I know. You’re super-sad that you couldn’t make it out to the cafe this past weekend to enjoy our headcheese special. But…what luck! Your neighbors just happened to have a spare pig head they’d like to give to you! Well, now you can make your own…
Okay, this is a big project. But it isn’t that difficult, it simply requires some direct kitchen time with a smiling pig’s face. Take a deep breath and go for it. You can do this, and the rewards are worth the effort. And the squeamishness will fade. Cold sandwich meat can include so much more than just bologna and ham! Headcheese is rich in proteinaceous gelatin, easy to digest, and a convenient treat to have in your refrigerator. Serve it on crackers or crusty bread, topped with olive oil and salt (Louisiana folks prefer hot sauce), toss it in with red beans and rice or scrambled eggs, or serve it as part of a cold lunch buffet surrounded by pickles and potato salad, and garnished with a hearty helping of brown mustard and sauerkraut. My favorite way to eat it is diced up and scattered over field greens, then tossed with a lemon vinaigrette and some coarse salt. The trotters or uncured ham hocks are optional, but they do help to add a little extra meat and to put extra gelatin in the stock.
1 pig’s head or calf’s head or 2 lamb’s heads, quartered (whole is okay, if you have a pot big enough)
4 pig trotters (feet) or 2 fresh (uncured) ham hocks (optional)
2 whole onions, peeled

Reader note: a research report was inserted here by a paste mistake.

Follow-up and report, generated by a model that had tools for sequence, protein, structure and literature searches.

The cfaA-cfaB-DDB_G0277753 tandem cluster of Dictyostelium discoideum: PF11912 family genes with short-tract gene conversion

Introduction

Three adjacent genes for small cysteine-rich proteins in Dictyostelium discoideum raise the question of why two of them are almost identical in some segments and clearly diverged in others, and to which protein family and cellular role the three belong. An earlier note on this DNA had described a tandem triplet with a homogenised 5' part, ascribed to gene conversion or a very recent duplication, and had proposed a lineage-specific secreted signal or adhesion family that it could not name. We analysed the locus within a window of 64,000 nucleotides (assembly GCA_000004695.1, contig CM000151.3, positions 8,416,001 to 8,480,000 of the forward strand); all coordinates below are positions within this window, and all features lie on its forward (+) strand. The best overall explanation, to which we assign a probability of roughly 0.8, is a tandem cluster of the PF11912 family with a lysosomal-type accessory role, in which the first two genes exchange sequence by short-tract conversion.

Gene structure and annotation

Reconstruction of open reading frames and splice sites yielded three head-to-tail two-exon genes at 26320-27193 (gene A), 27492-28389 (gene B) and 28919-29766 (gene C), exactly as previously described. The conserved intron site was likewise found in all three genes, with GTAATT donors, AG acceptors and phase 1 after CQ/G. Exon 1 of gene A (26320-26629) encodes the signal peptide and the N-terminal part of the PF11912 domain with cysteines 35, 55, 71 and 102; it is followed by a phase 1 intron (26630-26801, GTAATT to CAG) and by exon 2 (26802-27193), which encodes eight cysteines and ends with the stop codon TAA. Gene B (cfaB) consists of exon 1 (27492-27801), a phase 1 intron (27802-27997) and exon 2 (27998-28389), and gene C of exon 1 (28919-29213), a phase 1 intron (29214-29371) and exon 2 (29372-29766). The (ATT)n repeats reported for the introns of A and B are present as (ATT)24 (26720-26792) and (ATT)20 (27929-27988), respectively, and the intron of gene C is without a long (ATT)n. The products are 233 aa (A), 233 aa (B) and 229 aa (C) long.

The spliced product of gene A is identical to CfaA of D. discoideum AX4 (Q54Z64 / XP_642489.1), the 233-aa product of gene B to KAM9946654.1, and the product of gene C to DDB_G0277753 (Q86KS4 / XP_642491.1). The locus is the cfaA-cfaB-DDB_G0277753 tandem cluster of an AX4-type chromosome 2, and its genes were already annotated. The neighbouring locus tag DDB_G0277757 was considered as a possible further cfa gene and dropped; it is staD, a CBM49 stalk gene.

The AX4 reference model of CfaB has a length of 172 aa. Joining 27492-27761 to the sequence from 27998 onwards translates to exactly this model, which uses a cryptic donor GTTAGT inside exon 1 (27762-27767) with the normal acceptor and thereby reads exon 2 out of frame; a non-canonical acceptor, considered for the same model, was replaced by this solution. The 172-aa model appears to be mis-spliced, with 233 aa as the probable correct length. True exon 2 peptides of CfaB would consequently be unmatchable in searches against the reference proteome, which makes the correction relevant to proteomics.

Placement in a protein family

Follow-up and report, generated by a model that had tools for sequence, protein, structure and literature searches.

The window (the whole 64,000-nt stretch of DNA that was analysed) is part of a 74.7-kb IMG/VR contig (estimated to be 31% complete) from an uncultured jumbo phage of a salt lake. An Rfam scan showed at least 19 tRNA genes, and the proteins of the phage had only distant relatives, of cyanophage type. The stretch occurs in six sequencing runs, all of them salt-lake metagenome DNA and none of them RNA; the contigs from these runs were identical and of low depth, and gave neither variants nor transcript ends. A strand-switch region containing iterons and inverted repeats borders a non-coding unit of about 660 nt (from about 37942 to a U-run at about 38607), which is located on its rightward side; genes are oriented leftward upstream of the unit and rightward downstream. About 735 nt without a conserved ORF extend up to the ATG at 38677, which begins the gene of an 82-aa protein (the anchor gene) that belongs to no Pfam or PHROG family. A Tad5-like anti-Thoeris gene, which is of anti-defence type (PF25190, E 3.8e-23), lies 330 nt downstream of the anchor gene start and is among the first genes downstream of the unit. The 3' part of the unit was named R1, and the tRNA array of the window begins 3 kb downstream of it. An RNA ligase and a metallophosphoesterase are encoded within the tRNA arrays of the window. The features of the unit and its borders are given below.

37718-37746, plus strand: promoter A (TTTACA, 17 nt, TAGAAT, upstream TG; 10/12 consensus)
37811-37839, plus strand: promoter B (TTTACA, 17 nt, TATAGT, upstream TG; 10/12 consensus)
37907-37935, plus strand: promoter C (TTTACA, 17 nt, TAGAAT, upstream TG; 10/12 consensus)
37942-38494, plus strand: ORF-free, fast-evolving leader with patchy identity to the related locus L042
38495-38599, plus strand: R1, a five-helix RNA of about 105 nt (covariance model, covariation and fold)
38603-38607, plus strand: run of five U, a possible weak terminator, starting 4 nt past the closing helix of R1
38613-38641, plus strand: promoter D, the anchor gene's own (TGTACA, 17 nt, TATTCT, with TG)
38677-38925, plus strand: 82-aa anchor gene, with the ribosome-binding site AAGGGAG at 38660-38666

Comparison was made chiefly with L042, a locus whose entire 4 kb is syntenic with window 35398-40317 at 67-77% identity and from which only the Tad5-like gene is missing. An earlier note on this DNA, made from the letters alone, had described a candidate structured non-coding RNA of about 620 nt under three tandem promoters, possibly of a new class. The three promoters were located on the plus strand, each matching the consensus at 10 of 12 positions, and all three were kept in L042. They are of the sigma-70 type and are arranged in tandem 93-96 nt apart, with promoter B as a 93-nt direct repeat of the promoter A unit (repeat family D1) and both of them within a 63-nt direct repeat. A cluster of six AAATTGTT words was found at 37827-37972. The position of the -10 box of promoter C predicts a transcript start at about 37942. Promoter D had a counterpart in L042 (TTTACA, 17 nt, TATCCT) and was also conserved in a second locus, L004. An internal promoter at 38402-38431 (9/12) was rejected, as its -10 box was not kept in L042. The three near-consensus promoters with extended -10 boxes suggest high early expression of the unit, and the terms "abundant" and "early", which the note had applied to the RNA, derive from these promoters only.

3 whole carrots, halved
3 stalks of celery, halved
1 bouquet garni made with a sprig each of rosemary, oregano and parsley
6 cloves of garlic, whole, peeled
2 bay leaves
1 cup red wine or apple cider vinegar
Coarse salt and ground black pepper, to taste
If it hasn’t been done already, remove the brains and eyes. If the head is fresh, the brains can be cooked separately (see Sally Fallon’s wonderful cookbook, Nourishing Traditions). If you are working with a pig head, leave the ears on for the time being.
Place all the ingredients except for the salt and pepper in a large pot. Cover with cold water, and let it rest for about 30 minutes.
Put the pot over a medium-high flame. As it approaches a boil, skim off any foam that rises to the surface. Once it has come to a full boil, lower the flame and simmer gently for an hour. If using a pork head, remove the ears. Dice and refrigerate them to be cooked separately.
Continue simmering for another 1-2 hours, until the meat pulls easily off the bone.
Remove the head and trotters to a platter and, let them rest until cool enough to handle. Meanwhile, strain the broth, return it to the pot, and boil until it is reduced at least by half (2/3 is better, if you have the patience). Season to taste with salt and pepper.
Once the meat is cool enough to handle, remove it from the bones and coarsely chop it. Peel the skin from the tongue and chop the tongue as well. Don’t be afraid of the snout if you are working with a pig head. That can be diced and added to the mix, too.
Toss all the diced meat into a terrine or stainless steel bowl. Completely cover it with the reduced broth (you may not need all of it), stirring to eliminate any bubbles, then cover and chill overnight. If you have some broth left over, simply pour it into a glass storage container, cover, and refrigerate for another use.
When ready to serve, invert the terrine onto a cutting board. If the headcheese doesn’t come out easily, loosen it by briefly by setting the terrine a pan of hot water.
Let it sit at room temperature for about 30 minutes prior to serving.
While the headcheese comes to room temperature, remove the pig ears from the refrigerator. Add enough lard to fill a cast iron skillet ½ inch deep when melted. Place skillet over medium high heat. When hot but not smoking, add the pig’s ears and fry, stirring often to prevent them from sticking together, until crispy. Remove and drain them on brown paper. Season with salt to taste, and serve as an accompaniment to the headcheese, alone, or over a bed of fresh greens dressed with a vinaigrette. A pig’s ear salad is a perfect accompaniment for cold sliced headcheese.